“Jay Clayton and anyone else serving on the Securities and Exchange Commission must advance the interests of both Main Street investors and entrepreneurs trying to raise capital. Congress has explicitly stated that both investor protection and facilitating capital formation form the dual mission of the SEC,” stated Berlau. “The best way to achieve both objectives is to cut the red tape from both the Barack Obama and George W. Bush administrations that led to an unprecedented decline in IPOs and public company listings, depriving entrepreneurs of the best method to raise capital and investors of an opportunity to grow wealthy with smaller companies. In particular, Clayton and his fellow commissioners should ease the Sarbanes-Oxley rules requiring audits of broadly defined “internal controls” and narrow Dodd-Frank rules requiring the documenting of items that have no relation to the accuracy of financial statements, such as a company’s use of ‘conflict minerals.’ Such regulations are not only crushing the economy, but they are distracting the SEC from its main duty to protect investors from fraud.”
Berlau is also of the opinion that Clayton should “broaden the exemption for equity crowdfunding from the bipartisan Jumpstart Our Business Startups (JOBS) Act signed by President Obama in 2012.”
“There is bipartisan recognition that small firms wanting to share their profits with the crowd should not be subject to the exact same regulations faced by big companies on NASDAQ or the New York Stock Exchange. Many SEC regulations have entrenched Wall Street banks and large companies by choking off competition from Main Street firms. It is past time for these rules to go,” said Berlau.
Sam Guzik, a securities attorney and Crowdfund Insider Senior Contributor, was optimistic about the selection of Clayton.
“The recently announced nomination of Jay Clayton to fill the position of Chair of the SEC is both timely and welcomed,” said Guzik. “Mr. Clayton comes with a distinguished record of achievement, reflecting a great deal of experience and credibility in the securities industry.”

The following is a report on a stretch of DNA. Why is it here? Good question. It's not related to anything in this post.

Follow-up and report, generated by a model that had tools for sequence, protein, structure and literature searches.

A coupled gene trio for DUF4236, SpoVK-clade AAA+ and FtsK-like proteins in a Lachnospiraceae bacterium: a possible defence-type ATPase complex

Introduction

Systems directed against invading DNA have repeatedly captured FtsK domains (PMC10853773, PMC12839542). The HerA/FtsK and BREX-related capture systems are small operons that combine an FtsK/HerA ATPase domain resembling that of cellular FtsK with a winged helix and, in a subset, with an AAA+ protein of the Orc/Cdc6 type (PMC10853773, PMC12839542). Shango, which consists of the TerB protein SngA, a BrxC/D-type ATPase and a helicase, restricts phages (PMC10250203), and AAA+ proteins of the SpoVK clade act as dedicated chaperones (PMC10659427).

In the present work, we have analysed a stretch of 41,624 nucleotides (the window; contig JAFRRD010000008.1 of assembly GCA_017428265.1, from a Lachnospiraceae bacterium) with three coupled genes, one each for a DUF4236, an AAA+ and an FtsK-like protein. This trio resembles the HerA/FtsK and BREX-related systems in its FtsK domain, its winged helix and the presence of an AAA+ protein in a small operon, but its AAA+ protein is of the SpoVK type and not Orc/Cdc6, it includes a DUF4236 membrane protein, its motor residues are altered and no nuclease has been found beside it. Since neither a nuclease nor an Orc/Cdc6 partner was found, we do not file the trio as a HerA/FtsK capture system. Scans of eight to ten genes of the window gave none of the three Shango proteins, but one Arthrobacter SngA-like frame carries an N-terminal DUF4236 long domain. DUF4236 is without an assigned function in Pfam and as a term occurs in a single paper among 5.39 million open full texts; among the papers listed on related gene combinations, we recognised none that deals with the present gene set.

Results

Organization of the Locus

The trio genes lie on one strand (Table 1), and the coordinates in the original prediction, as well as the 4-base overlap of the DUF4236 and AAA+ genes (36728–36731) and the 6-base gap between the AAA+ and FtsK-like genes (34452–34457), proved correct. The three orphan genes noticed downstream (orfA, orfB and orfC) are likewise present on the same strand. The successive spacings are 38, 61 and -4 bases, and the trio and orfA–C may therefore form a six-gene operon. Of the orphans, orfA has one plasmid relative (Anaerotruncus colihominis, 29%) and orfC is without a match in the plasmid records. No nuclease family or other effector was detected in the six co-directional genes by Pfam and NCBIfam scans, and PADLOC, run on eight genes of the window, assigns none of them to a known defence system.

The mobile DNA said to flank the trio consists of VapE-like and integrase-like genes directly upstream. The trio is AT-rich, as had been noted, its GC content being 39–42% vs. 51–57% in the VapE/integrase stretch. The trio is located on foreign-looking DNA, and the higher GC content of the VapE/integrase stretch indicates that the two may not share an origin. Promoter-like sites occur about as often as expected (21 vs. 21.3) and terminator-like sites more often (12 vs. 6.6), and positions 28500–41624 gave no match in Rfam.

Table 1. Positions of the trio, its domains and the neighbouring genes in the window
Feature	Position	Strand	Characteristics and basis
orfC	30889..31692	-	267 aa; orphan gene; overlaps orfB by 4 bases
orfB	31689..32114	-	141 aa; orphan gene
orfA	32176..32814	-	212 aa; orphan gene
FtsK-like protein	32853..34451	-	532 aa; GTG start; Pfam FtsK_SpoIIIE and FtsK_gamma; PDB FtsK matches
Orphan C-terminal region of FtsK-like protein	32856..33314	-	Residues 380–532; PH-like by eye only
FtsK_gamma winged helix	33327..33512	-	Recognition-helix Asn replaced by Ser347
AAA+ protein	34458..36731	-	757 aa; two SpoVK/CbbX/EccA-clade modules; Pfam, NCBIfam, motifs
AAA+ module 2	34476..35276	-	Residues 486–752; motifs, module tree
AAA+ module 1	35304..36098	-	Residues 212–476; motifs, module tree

Guzik referenced the fact the SEC has been operating two Commissioners short during recent months. President Obama attempted to fill these seats but was unexpectedly shot down by his own party.
“… there is currently a great deal of unfinished business before the Commission – with three of five seats at the Commission being vacant. My remaining hope is that Mr. Clayton will soon be seated at the Commission next to another highly qualified nominee, Hester Peirce, who has proven herself to be an outspoken and effective advocate for needed change at the SEC, very much in the mold of former SEC Commissioners’ Paul Atkins and Daniel M. Gallagher.”
Gallagher called Clayton the real deal after his appointment was announced.
Gallagher understands the challenge that Clayton faces. He is also no fan of misguided financial rules. Several years back the former SEC Commissioner created a diagram to “spark a much-needed debate about the regulatory burden that has been placed on our financial services industry”. Gallagher described the stakes as considerable:
“…regulatory burdens divert capital away from the real economy—this acts as a barrier to entry for new market participants and further entrenches those institutions that are increasingly “too big to fail.””
So if you have any doubt about the convoluted nature of financial services rules (since 2010!), you may view the nice explanatory graphic to help you figure it out. Good luck.
(click to enlarge)